A key reason for the introduction of DAIA was that, while Bermuda has its own regime, such laws do not avail businesses of the laws of other jurisdictions, including the U.S which has far-reaching jurisdiction in relation to its own citizens. Transparency and ongoing regulation is therefore paramount to facilitating the development and adoption of digital assets.
Aside from ICOs, DABA covers the issuing, selling or redeeming of virtual coins, tokens or other digital assets to other businesses or individuals.
 Indeed, the Security and Exchange Commission (SEC) recently deemed a digital token issued from Bermuda (prior to the introduction of DAIA) as an unregistered security, resulting in the token being disabled and a substantial fine being levied against the issuer.
Are you aware of any live blockchain projects (beyond proof of concept) in your jurisdiction and if so in what areas?
There are a number of live blockchain projects operating in and from Bermuda.
Most notably, perhaps, the government of Bermuda introduced the digital stimulus token as a means to distribute financial aid to the country’s population at the start of the COVID-19 pandemic, allowing stablecoins to be used for the payment of taxes and purchase of essential products. It has also facilitated the development of cryptocurrency and DLT businesses such as a blockchain-based digital ID system, and has created an environment for insurance-related businesses to benefit from DLT (for instance, with the BMA licensing the world’s first captive to insure crypto custody). The Liquidity Summit 2020 was also used to promote change and highlight the benefits of asset representation in digital form using DLT.
To what extent are you aware of artificial intelligence already being used in the financial sector in your jurisdiction, and do you think regulation will impede or encourage its further use?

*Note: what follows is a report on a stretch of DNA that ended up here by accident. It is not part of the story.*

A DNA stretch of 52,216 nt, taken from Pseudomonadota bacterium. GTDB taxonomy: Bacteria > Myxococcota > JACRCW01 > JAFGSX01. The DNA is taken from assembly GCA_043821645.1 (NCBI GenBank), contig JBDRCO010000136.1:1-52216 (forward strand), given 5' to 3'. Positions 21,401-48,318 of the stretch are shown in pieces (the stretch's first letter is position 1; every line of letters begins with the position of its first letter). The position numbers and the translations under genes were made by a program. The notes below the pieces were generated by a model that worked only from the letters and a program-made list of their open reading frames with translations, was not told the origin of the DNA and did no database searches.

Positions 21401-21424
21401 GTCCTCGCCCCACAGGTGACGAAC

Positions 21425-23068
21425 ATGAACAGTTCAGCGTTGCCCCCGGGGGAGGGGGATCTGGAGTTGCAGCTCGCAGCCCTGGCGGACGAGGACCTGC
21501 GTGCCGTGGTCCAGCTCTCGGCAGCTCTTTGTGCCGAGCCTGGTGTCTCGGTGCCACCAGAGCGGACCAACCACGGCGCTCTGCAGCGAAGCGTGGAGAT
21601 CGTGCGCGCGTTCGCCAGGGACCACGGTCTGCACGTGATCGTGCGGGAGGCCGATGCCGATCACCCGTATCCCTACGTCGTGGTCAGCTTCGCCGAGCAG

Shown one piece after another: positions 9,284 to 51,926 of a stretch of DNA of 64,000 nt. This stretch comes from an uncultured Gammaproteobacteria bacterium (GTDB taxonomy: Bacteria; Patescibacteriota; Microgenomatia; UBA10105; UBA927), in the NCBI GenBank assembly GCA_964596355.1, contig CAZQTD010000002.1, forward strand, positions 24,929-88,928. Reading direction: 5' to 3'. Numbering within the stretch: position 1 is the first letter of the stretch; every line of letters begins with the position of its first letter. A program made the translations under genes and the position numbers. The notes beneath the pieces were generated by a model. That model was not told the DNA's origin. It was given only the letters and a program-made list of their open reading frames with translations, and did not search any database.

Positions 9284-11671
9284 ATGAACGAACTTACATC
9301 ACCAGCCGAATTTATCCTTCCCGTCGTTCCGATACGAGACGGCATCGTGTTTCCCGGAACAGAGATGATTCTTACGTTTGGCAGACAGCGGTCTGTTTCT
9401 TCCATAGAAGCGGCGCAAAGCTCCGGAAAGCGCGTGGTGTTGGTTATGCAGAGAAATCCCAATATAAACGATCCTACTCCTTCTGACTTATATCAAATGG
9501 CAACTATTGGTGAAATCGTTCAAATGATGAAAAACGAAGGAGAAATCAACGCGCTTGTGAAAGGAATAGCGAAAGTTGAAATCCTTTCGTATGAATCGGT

The BMA confirmed in its 2018 and 2019 Business Plans that it intended to adopt AI and machine learning technologies to enhance its operations and, in its 2020 Business Plan, the BMA confirmed that AI is changing the nature of work in a broad range of jobs and professions, including data-intensive functions of the BMA such that it had reduced its own operating costs.
In the private sector, the island has seen businesses adopt AI in a number of ways, e.g. by utilising robo-advisors for financial investment and in cyber-underwriting (e.g. analyzing economic, technical, historical and behavioral information to predict outcomes and analyse risk). Bermuda businesses will likely increase their use of AI in their financial services offerings, which will likely lead to increased regulation. Indeed, Bermuda has already implemented legislation which anticipates the continued development and adoption of AI technologies, for example, PIPA (discussed at question 5) anticipates the use of advanced data processing (e.g. using AI, facial recognition technology and/or automated decisions that could impact an individual).